Mitigation of CrossSaturation Effects in ResonanceBased Sensorless Switched Reluctance Drives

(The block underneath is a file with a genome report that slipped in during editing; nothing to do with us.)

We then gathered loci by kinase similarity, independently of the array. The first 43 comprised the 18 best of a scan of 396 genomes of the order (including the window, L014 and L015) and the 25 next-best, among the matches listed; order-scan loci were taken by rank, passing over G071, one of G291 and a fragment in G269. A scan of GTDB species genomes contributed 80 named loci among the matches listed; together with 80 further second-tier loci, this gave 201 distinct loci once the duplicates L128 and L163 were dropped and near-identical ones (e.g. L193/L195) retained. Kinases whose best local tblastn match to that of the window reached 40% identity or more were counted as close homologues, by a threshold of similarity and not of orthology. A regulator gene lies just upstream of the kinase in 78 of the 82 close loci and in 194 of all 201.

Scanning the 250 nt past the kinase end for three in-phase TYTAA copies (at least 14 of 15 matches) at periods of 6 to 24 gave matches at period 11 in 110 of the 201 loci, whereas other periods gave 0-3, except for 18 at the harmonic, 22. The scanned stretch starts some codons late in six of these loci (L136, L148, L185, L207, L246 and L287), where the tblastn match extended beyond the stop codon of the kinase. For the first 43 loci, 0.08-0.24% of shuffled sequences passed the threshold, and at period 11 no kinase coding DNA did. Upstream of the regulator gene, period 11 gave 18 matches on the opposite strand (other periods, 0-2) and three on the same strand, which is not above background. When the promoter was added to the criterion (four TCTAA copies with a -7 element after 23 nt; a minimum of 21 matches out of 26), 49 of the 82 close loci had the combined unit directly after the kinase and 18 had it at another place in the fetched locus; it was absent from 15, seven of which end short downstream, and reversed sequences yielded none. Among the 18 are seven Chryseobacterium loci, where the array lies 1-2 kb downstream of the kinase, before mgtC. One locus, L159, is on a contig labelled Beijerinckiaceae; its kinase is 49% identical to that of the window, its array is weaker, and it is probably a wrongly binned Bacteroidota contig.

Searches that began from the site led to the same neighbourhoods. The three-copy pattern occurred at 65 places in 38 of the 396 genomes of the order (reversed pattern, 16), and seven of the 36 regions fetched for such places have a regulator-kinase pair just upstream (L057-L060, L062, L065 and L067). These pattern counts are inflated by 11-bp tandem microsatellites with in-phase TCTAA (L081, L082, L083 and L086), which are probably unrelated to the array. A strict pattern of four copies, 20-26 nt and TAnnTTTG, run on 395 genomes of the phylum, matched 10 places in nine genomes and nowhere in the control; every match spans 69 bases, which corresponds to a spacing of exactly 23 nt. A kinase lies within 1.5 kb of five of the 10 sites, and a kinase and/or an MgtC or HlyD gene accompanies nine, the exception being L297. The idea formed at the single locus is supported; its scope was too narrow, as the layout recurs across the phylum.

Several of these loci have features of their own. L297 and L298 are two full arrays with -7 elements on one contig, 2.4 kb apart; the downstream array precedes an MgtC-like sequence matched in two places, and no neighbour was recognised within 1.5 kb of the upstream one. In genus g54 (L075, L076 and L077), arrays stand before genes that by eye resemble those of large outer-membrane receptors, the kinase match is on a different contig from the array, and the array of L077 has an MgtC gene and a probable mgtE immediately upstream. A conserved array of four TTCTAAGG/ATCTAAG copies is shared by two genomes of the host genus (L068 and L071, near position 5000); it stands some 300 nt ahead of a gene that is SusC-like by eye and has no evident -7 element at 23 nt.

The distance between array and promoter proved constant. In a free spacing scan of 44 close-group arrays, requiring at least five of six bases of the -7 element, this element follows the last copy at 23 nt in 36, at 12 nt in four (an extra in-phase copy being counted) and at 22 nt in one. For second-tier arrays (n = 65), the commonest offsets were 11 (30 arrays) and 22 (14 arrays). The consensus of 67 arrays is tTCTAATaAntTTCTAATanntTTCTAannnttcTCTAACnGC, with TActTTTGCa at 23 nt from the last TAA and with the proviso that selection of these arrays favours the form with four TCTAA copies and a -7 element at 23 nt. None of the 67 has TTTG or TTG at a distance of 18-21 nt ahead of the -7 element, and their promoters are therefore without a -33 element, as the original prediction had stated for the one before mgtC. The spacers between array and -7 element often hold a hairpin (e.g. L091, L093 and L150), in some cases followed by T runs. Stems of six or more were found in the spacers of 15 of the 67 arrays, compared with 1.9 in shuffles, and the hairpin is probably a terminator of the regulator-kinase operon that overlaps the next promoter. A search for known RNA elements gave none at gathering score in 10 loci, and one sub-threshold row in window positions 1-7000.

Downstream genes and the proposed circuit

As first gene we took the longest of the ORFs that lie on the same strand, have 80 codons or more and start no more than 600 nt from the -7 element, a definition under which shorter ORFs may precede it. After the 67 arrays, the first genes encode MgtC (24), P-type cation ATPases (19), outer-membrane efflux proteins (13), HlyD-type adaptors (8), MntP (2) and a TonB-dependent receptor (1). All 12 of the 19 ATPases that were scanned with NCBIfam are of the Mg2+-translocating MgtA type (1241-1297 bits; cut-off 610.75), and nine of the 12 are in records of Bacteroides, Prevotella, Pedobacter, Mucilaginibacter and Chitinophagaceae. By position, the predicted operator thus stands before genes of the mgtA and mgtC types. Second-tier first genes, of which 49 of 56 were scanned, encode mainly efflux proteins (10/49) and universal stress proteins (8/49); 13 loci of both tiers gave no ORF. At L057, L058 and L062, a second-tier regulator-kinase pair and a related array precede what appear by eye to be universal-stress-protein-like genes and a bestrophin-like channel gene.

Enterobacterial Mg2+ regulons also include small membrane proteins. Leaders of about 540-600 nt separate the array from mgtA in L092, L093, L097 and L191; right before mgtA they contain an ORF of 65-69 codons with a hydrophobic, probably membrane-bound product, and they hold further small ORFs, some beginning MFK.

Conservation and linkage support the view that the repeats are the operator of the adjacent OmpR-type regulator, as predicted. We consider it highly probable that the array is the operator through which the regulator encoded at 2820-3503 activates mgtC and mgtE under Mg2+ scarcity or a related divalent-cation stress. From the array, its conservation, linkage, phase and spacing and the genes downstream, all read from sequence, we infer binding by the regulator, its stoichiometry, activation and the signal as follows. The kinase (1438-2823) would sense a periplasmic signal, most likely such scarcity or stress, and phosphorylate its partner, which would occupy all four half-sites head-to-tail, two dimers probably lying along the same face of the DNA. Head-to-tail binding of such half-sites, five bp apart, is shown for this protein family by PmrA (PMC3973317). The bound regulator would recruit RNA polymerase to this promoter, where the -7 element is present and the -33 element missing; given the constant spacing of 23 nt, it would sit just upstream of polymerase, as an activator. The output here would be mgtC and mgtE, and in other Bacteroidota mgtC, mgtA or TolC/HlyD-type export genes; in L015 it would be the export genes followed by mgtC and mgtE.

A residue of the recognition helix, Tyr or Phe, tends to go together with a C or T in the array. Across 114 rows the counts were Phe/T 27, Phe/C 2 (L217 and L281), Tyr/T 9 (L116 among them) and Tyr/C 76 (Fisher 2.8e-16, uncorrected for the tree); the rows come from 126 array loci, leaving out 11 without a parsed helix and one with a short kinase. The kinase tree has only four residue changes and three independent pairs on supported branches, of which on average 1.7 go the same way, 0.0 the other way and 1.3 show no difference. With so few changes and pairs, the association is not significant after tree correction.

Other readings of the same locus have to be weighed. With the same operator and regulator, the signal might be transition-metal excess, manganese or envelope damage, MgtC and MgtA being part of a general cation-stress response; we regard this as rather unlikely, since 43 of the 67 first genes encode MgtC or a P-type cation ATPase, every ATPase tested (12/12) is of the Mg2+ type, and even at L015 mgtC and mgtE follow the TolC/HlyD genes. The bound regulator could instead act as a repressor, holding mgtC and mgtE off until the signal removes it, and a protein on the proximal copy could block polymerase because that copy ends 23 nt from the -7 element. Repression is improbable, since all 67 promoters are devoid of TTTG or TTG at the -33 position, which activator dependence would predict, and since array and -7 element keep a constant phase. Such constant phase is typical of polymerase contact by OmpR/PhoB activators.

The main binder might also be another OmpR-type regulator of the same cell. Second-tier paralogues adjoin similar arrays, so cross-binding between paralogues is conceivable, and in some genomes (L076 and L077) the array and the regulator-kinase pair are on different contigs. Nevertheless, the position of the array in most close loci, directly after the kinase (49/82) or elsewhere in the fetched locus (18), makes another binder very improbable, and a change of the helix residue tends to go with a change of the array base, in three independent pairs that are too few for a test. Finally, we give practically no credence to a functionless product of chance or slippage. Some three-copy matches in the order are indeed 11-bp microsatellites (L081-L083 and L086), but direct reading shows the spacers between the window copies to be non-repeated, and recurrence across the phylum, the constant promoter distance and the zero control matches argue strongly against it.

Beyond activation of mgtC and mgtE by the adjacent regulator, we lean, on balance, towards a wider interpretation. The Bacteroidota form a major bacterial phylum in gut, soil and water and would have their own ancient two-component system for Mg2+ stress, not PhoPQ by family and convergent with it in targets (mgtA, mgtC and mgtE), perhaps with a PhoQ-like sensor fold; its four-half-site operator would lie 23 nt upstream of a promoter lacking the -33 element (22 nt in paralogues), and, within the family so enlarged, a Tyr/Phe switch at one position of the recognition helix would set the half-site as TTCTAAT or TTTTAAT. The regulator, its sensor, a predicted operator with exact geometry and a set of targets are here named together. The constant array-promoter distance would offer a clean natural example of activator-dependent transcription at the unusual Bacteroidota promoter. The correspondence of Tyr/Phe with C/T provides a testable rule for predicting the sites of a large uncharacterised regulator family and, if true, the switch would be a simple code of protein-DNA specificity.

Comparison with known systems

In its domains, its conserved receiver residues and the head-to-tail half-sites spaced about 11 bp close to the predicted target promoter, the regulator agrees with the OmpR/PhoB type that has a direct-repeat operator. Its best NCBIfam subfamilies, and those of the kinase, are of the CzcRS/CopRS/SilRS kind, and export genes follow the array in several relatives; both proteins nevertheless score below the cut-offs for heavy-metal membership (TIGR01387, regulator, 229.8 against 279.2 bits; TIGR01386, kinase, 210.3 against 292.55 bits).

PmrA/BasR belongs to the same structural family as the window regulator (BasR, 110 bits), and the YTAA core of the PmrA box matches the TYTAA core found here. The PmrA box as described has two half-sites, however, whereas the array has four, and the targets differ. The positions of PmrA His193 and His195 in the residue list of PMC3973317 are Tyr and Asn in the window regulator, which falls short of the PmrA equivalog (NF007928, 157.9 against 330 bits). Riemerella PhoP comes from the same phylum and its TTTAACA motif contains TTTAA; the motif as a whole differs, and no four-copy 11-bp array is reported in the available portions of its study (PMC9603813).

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1 Mitigation of CrossSaturation Effects in ResonanceBased Sensorless Switched Reluctance Drives K.R. Geldhof, A. Van den Bossche and J.A.A. Melkebeek Department of Electrical Energy, Systems and Automation (EESA) Ghent University (UGent), SintPietersnieuwstraat 41, B9000 Gent, Belgium phone: +32 (0) , fax: +32 (0) Index Terms Switched Reluctance Machines, Cross Saturation, Position Estimation, Resonance, Test Pulse Abstract The stator and rotor yoke in a switched reluctance motor form magnetic circuit parts that are typically shared by different phases. If these parts saturate due to the excitation of one phase, this will lead to a change of the magnetic characteristics of all other phases sharing these parts. In several positionsensorless methods, crosssaturation leads to a loaddependent position estimation error. In this paper, the influence of crosssaturation on a resonancebased position estimation method is studied. The method extracts position information from electrical resonances triggered in an idle motor phase. A crosssaturation mitigation scheme is presented in order to reduce the commutation position error. The scheme uses only one additional parameter per phase which can be measured automatically during commissioning of the drive. Experimental results at low and medium speed show that the position estimation error remains smaller dan 2 mechanical degrees over the rated load range. I. INTRODUCTION In several positionsensorless methods for switched reluctance motors (SRMs), it is recognized that mutual coupling between motor phases has to be taken into account in order to achieve good position estimation. A sensorless method that is inherently based on mutual coupling is presented in [1]. The position estimation is based on the measurement of mutually induced voltages in an idle phase of the machine. In [2] an estimator probes idle phases with short voltage pulses from the inverter. From the resulting current response the incremental phase inductance can be estimated. The mutually induced voltage changes the slope of the current response and leads to a position estimation error. A compensation can be provided on the basis of a lookup table. The flux/current method originally proposed in [3] calculates the flux linkage of the active phase by time integration of the induced voltage. The rotor position is retrieved from a singlephase magnetization characteristic, stored in a lookup table. In case of multiphase excitation, mutual coupling can be taken into account if the lookup table incorporates the current of all excited phases. Alternatively, a weighted sum of self flux linkage and mutual flux linkage data can be used to enhance position estimation; the weight factor depends on the currents in the excited phases [4]. All of these methods take into account the stator poletopole leakage, which is the principle source of mutual coupling between switched reluctance motor phases. A secondary source of mutual coupling is crosssaturation, i.e. the saturation of magnetic circuit parts which are shared by different phases. It has been identified that in the case of multiphase excitation, crosssaturation can be a means to increase the average torque [5]. However, crosssaturation has not often been identified as a possible problem in sensorless switched reluctance drives. In one occasion crosssaturation is taken into account by means of a complex lumpedparameter model of the machine [3]. This paper discusses the influence of crosssaturation on a resonancebased sensorless method for SRMs [6]. If the trailing phase with respect to the torqueproducing phase is used to extract position information, the position error leads to an advanced phase commutation. A mitigation scheme is presented that uses only one additional parameter per phase which can be easily measured during commissioning of the drive. Application of the scheme leads to a significantly reduced error in the estimated commutation position. Experimental results are given for low and medium speed, for the rated load range of a 6x4 switched reluctance motor. II. RESONANCEBASED POSITION ESTIMATION In switched reluctance drives, the rotor position can be obtained by observation of the oscillation of a resonant circuit comprising the inductance and parasitic capacitance associated with an idle motor phase [6]. Fig. 1(a) shows a schematic of a motor phase winding connected to an asymmetric bridge, with IGBTs as active switching devices. If the IGBTs and freewheeling diodes are blocked, these devices behave as a parasitic capacitance. The model of Fig. 1(b) shows these parasitic capacitances, indicated by C i and C d respectively, and the parasitic capacitance C w of the motor phase winding and the capacitance C c associated with the power cable between converter and motor phase. The impedance Z w represents the phase winding impedance without the contribution of the parasitic capacitance C w.